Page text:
The percentage of Bulgarians who are optimistic about the future of the European Union has risen to 59 per cent in Eurobarometer’s spring 2017 poll, a gain of four percentage points compared with the autumn 2016 survey.
In the Eurobarometer poll, 13 per cent of Bulgarians said that they were “very optimistic” about the future of the EU, a gain of two percentage points, and 46 per cent said that they were “fairly optimistic”, a gain of two percentage points.
The poll in the 28 member states of the EU was done between May 20 and 30 2017 on the basis of 28 007 face-to-face interviews. It was commissioned by the European Commission’s directorate-general for communications and conducted by TNS opinion & social.
Across the EU, the poll found that 56 per cent of EU citizens said that they were optimistic about the future of the EU, which was a gain of six percentage points in the past six months.
Across the EU, the poll found that 51 per cent saw their domestic economy as good and 46 per cent as bad. The positive views marked a distinct rise compared with 2009, when it was at about 20 per cent.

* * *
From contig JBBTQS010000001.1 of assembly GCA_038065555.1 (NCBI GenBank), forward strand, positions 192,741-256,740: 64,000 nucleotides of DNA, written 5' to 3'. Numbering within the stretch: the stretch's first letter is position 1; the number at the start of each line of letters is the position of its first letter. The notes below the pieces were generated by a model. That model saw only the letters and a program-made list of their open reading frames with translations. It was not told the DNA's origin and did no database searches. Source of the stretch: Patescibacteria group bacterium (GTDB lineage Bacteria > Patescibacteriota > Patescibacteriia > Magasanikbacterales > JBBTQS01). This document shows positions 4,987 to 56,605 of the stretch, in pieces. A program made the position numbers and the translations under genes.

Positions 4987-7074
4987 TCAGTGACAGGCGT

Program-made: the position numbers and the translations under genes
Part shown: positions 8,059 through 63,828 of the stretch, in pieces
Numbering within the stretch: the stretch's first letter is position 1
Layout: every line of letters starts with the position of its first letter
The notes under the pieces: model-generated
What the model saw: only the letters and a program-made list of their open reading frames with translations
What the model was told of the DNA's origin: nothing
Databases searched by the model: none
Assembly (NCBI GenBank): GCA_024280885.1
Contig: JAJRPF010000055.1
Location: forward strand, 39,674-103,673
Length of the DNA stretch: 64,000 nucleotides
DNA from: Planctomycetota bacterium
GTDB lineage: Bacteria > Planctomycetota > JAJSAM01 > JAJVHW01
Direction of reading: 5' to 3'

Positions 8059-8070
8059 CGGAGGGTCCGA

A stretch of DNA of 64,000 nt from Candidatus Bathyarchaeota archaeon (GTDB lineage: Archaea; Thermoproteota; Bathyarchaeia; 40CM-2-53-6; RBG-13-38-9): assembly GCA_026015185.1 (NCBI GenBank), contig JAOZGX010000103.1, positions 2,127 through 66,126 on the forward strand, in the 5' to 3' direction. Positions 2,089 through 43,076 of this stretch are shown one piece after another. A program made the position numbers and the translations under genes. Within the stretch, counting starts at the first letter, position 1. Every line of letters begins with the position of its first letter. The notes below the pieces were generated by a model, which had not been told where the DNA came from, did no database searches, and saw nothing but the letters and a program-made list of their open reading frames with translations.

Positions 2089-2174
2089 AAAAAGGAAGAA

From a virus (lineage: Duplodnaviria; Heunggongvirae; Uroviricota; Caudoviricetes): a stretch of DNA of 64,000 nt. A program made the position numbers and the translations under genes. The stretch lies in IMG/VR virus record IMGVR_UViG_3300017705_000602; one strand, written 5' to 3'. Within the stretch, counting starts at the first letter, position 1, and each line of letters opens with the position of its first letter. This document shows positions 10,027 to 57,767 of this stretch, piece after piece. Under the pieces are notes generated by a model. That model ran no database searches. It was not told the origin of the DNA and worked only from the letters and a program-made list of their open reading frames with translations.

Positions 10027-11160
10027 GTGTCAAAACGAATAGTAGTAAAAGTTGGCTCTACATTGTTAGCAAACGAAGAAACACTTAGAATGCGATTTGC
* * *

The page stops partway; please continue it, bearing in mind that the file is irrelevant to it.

Spring 2017 found 40 per cent of those polled across the EU as having a positive view of the bloc, 37 per cent neutral and 21 per cent negative.
In Bulgaria, 17 per cent of those polled said that they had a “very positive” view of the EU, a gain of four percentage points compared with autumn, and 38 per cent had a “fairly positive” view. Twenty-eight per cent described their opinion of the EU as neutral, a drop of five percentage points, while just 10 per cent had a negative view of the bloc, a drop of one percentage point.
At domestic level, Bulgarians’ opinions were bleaker, the Eurobarometer spring 2017 poll found.
Just 15 per cent saw Bulgaria’s domestic economy as good while 80 per cent saw it as a bad, though this latter figure marked a slight drop from the autumn 2016 survey.
Trust in the Bulgarian government was recorded at 28 per cent, a gain of six percentage points, while distrust was at 63 per cent, a drop of seven percentage points.
Notably, when the autumn 2016 survey was done, the second Boiko Borissov government was in power. The spring 2017 survey was done just a few weeks after Borissov returned to power at the head of his third government, a coalition between his GERB party and the ultra-nationalist United Patriots.
Bulgarians’ trust in their Parliament was recorded at 20 per cent, a gain of five percentage points, while distrust in the legislature was 73 per cent, the Eurobarometer poll found.
(Photo: Clive Leviev-Sawyer)